Beyond the Mug: Connecting with Guests Coming In Your Front Door

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I have a friend who recently moved to a major city. In his quest to find a church home, he stumbled upon something else in the process:

An incredible church mug collection!

Not surprisingly, nearly every church he visited offered him a coffee mug in exchange for completing a Connection Card. I should give credit to a few of the more relevant churches in his town. They’ve really broken the norm, offering plastic water bottles over the traditional handled mug.

As church leaders, it’s easy to forget what it’s like to be a real “church guest;” especially someone with little church experience. So imagine this:

You just walked into a new store where you’ve never shopped. The clerk smiles politely and says, “In exchange for phone number, email, and street address, we would like to offer you an incredible, brand new, store-branded……coffee mug.”

Would you really trade access to your inbox and cell phone for a small gift?! You might give them an email you never check and the receptionist’s landline at your office. But that’s far from making a personal connection with the organization. It’s simply a small, impersonal exchange.

Is it possible that in our attempts to connect with guests, we actually push people away by feeling corporate and transactional?

Don’t get me wrong. I’m all for following up personally with as many people as possible. But the way we go about it sets the tone for our relationships with them. Simply asking for contact info and sending some one-way scripted messages (even on a phone call) is far from making a connection.

So how can you truly connect with guests and engage them in the life of your church? Here are four ideas to consider with your team:

  1. Serve Before Soliciting

Rather than leading with a request for personal information, go above and beyond to make guests feel comfortable from the moment they arrive. Set up “First-Time Here” stations just outside your front doors. Make yourself readily available to help them navigate a new building, check-in their kids, and find a seat. When you serve first, you’ll earn trust and prove you’re an organization worth connecting with.

  1. Focus More on Getting Guests to Come Back

It is safe to say that many people won’t complete a Connection Card on their first visit. That’s ok; in fact, it’s normal. Give guests the option to complete a card but don’t push it too hard. What’s most important is that they enjoy the experience enough to return next Sunday. Once they feel “at home,” they’ll let you know they are there.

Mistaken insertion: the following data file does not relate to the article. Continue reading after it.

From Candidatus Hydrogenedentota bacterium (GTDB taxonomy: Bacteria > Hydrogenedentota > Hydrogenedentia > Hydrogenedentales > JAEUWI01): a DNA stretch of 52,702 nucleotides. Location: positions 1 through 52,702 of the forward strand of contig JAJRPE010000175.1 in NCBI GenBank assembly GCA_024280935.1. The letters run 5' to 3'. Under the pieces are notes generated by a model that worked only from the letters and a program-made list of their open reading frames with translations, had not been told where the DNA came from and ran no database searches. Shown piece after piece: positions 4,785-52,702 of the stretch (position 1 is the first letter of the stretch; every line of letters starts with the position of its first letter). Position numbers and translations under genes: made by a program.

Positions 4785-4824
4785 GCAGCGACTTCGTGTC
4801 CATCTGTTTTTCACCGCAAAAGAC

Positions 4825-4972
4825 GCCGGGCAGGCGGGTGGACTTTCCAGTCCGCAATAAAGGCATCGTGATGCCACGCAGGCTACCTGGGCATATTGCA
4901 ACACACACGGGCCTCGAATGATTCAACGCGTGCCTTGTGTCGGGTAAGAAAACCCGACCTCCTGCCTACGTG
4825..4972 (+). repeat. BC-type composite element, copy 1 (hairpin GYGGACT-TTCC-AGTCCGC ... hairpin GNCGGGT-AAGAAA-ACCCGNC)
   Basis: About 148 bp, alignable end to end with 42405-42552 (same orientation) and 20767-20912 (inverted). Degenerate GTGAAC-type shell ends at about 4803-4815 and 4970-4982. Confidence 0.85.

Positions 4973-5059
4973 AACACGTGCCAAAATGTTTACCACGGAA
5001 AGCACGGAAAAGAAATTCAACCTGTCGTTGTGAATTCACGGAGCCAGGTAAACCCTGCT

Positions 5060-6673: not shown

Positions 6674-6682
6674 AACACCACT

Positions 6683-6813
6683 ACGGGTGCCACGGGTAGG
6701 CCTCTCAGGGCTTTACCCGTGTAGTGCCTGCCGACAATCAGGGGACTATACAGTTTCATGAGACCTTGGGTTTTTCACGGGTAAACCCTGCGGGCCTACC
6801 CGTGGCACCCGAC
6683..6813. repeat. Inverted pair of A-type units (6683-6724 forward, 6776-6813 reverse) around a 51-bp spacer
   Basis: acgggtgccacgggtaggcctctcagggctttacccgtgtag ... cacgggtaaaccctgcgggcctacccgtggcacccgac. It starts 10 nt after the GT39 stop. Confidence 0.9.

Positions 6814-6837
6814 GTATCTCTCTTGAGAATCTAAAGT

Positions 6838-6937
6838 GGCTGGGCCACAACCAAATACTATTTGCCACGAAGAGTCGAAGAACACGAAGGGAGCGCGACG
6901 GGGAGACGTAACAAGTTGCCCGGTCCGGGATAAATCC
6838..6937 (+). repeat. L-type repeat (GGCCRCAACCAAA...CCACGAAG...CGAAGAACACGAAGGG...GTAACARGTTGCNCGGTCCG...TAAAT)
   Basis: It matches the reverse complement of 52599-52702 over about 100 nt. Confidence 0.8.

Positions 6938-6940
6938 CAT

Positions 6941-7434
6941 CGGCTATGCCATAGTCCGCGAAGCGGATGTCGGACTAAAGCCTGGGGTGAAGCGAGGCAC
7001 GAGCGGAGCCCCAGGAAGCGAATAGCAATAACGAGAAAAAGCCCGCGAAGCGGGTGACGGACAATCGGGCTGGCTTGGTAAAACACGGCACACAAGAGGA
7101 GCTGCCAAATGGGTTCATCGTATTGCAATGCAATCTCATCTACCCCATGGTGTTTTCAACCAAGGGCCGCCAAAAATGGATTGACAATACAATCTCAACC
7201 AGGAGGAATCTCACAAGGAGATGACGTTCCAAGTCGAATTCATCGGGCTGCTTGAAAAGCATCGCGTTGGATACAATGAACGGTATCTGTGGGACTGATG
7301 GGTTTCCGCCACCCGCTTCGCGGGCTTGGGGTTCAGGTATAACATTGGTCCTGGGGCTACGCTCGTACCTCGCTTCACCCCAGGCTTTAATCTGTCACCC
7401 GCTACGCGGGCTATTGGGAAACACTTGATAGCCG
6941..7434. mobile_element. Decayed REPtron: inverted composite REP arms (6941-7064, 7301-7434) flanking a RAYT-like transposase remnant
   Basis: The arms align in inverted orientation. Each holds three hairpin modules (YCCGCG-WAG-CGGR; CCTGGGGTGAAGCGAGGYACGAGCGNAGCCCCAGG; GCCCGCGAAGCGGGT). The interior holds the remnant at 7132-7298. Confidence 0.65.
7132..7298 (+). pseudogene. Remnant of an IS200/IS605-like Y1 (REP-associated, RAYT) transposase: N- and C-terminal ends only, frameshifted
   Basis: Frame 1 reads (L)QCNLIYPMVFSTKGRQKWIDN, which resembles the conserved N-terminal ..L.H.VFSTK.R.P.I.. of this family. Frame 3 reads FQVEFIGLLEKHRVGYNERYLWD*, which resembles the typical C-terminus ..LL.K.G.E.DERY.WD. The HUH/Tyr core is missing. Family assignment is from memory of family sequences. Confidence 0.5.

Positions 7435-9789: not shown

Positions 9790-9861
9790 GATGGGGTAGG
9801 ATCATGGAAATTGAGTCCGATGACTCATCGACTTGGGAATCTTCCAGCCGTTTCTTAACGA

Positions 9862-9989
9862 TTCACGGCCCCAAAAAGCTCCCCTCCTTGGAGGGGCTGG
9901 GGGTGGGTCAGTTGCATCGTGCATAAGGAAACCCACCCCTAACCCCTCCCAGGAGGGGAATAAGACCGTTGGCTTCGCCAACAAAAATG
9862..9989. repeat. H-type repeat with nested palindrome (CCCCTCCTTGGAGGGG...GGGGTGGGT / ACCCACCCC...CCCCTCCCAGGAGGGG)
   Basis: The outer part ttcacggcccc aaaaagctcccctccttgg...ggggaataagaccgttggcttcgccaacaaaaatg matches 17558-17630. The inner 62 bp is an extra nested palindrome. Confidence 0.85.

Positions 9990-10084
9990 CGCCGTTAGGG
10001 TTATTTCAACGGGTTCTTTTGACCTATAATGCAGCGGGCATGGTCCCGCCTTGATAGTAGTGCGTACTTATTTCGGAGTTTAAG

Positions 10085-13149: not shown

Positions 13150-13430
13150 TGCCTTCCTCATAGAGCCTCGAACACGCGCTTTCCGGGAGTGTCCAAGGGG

1. Make Your First Step Smaller

I see more and more churches asking guests to attend an “orientation” that will last for several weeks. That’s a big commitment for someone who is just visiting. Instead, create a quick place and time for them to connect with a staff member, ask any questions, and learn about a few of the ways they can further connect when they’re ready. (North Point Community Church does a great job of this in a 30-minute orientation called Next.) The smaller you make your first step, the more likely people will be to take it.

  1. Follow-Up with Kids

You likely ask for information every time you check a child into your kids’ environment for the first time. What if that new child’s small group leader sent him or her a personal postcard the following week? It’s a small ask of leaders that makes a big difference to families. I’ve had parents tell me they decided to truly connect with the church after they saw their child cared for so personally.

 

Don’t get me wrong. I’m not against coffee mugs, water bottles, or any other gift that says “We’re so glad you’re here.” But it is important to be sure that in the process of connection, we go above and beyond to be as personal as possible. As we do, more people will feel comfortable enough to engage true relationships that could impact their lives forever.

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About Author

Ryan Stigile

Ryan is the Director of Strategic Resources for The Unstuck Group. Previously, as Director of Expansion at NewPointe Community Church (NE Ohio), Ryan led the launch and development of new multisite campuses. With Mount Paran Church (Atlanta, GA), he guided the leadership team through a strategic change initiative to simplify and align its ministries. Ryan has a Master of Business Administration from Kennesaw State University and degrees in business administration and discipleship ministry from Lee University.

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